When cartoonist Aline Kominsky-Crumb first started drawing her alter ego, “The Bunch,” she kind of hated her.
“Eventually, I grew fonder and fonder of that part of myself,” she says, “and as a result, grew and accepted my whole self a lot more.” That hatred takes the form of frequent unsavory assessments about her body. A typical example in a Bunch’s thought bubble reads, “A Peek at a recent fling. … The Bunch is now 28, most of her pimples and some fat are now gone again…”
The character appeared in underground comics like Twisted Sisters and Weirdo (which Kominsky-Crumb also edited from 1986-93). Her first book, Love That Bunch, originally published in 1990, has just been reissued and expanded to include her work from the 1970s through 2016.
In 1981, Kominsky-Crumb, along with her husband, revered comics artist Robert Crumb, and with several other contributors decided to put Weirdocomics out “so that there’d be some vehicle for a young underground upstart cartoonist group.
“In the 1970s, everything kind of died down,” she says, “so a lot of people started their careers with Weirdo.”
At the time, and apart from her husband and friends, Kominsky-Crumb didn’t receive any positive reinforcement or encouragement.
“It all came way later,” she says. “I did those comics almost 50 years ago, and now I’m this revered older pioneer of comics. You have people — they teach my work at Harvard and stuff like that, which is totally ridiculous. But at the time when I was doing them, I started teaching exercise and yoga years ago to make money.
“That character, The Bunch, was really formed during adolescence,” she explained. “And since my adolescence lasted until I was about 50, that was a very important part of my identity. Now that I’m 70, that character exists much less for me. The Bunch has changed and evolved. I’m not a big, fat thing anymore. I’m like a skinny, muscular yogi now. So I’m completely different looking than I was then. And I feel differently about myself, too.”
You can see that difference immediately in the new self-portrait illustration on the cover. Indecision and worry are now absent from Kominsky-Crumb’s dark-eyed gaze, fixed upon her readers. Her untamed, reddish-brown hair cascades to her shoulders in waves. She includes wrinkles, rouged cheeks, and cheerful, dangling earrings. Compare this image to the young woman on page 4 with pursed lips and a fretting brow, and you can see the evolution of her psyche rendered graphically in time.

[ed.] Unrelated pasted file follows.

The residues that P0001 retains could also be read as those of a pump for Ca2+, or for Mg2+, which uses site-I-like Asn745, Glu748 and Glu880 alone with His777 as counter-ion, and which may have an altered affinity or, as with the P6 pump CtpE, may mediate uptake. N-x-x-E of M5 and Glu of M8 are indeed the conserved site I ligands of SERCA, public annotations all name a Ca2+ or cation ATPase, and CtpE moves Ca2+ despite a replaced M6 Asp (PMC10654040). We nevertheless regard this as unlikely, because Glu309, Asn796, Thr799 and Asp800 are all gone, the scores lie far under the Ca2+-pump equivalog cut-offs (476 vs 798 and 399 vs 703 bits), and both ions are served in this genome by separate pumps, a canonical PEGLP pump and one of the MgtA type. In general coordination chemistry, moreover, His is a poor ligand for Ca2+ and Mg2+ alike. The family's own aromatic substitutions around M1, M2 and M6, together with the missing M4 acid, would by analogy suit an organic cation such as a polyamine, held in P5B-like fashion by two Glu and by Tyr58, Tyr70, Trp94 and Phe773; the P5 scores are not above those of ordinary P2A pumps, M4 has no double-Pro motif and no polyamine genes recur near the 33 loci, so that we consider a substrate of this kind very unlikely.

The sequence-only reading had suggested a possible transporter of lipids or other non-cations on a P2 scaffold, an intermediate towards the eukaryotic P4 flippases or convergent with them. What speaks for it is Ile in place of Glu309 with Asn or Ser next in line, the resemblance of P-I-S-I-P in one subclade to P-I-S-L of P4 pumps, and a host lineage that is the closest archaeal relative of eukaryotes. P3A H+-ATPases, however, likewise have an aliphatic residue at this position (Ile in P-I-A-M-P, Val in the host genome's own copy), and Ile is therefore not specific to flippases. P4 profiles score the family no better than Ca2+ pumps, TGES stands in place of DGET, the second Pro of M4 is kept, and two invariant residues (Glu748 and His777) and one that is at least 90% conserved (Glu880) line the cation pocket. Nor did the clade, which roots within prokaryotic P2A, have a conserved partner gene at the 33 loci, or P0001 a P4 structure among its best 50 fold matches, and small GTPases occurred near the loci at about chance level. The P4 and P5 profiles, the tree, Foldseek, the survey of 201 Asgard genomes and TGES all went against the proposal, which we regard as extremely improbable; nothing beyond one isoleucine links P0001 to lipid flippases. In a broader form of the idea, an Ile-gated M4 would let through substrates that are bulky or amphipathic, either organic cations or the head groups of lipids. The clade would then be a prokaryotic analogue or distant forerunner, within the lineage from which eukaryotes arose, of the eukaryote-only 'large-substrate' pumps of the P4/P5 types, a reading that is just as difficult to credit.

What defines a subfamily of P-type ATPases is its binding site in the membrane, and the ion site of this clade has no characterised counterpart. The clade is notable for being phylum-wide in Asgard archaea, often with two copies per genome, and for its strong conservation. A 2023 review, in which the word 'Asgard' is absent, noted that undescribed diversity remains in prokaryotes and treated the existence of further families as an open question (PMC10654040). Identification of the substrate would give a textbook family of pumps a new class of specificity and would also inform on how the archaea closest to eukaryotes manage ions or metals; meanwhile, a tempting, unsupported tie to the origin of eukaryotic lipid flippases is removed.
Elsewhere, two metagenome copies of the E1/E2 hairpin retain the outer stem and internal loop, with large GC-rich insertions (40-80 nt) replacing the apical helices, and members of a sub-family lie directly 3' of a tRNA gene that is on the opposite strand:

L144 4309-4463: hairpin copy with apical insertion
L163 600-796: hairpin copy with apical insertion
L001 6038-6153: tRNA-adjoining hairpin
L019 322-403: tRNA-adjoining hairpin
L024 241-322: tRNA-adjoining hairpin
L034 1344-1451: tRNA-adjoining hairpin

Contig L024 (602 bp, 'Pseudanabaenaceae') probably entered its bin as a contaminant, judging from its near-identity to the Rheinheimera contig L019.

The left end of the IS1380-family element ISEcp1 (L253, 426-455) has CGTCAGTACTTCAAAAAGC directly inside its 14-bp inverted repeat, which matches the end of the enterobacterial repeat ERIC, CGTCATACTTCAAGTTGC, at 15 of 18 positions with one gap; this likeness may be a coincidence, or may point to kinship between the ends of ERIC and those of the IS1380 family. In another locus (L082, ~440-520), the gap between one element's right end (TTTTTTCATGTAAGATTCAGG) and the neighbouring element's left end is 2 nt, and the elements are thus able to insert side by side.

Kominsky-Crumb’s current life looks nothing like the “harsh suburb of New York” where she grew up. She communicates a sense of gratitude for her long-term relationship with “Rob,” their daughter Sophie, and the contentment they’ve found since settling into a house in the south of France.
“But I think everyone, especially when they’re younger, and especially when you’re an adolescent, you have very mixed and divided feelings about yourself,” she says. “Especially coming from a neurotic, Jewish family, and being an overweight teenager with a big nose. That was not easy to deal with. And I did not have compassionate, understanding parents.”
The culture in which she grew up encouraged the Jewish girls she knew to have nose jobs, go on diets, and straighten their hair, all to look not-Jewish. When Kominsky-Crumb looks back at photos of her younger self, she now sees a woman in her 20s who “was really beautiful.” Things began to change for her in the 1960s.
“You were allowed to have long, curly, frizzy hair,” she says. “I started to hate myself a little bit less — but yeah, having that challenge as a teenager definitely formed me. It was grist for my mill.”
Those negative parental voices come back to haunt The Bunch through a character named Mr. Bunch.
“He was like a cigar-smoking stand-up comedian who always commented and made fun of The Bunch, who he thought was too soft and too pathetic,” she says.
Kominsky-Crumb believes that we all have some kind of inferiority complex because of the mainstream culture, and then what the standards of being popular are. Most people don’t do anything with the angst that can fuel an artist’s response to feeling inferior, but she was lucky.
“I had that background of a very strong storytelling tradition in my family from my grandfather’s side,” she says. “And that really made me see things in a narrative way all the time, I always was a little bit outside myself.”
Her father died when she was 19, but Kominsky-Crumb’s 90-year-old mother is still alive. And their relationship has changed for the better. On page 13, there’s an enlarged, full-page image of her mother taken from a strip entitled “Yur Goin’ on a Relaxing Vacation with The Bunch, Her Baby and ‘Grammaw’ Blabette.” Kominsky-Crumb endows her mother with razor-sharp shark’s teeth and the face of a Gorgon.
“I actually really like my mother now,” she says. “I get along with her. As an old lady, she’s become really nice, and she really admires me.”
And she doesn’t draw her anymore, either.
“If I did draw her, I wouldn’t be as cruel,” she says. “I don’t have that anger towards her anymore that I did when I was younger. She’s not the same, and I don’t feel that anger, and I’m not subject to her anger in any way. I’m more in control. I’m the parent now.”
That sense of compassion has developed with age, from doing years of yoga and living through cancer, having grandchildren. “But that character, the rawness of The Bunch when I was younger, was a good thing because I think it gave a lot of other women the ability to accept that part of themselves. And with that acceptance, eventually you do end up feeling better about yourself, and you can come to love that part of yourself.”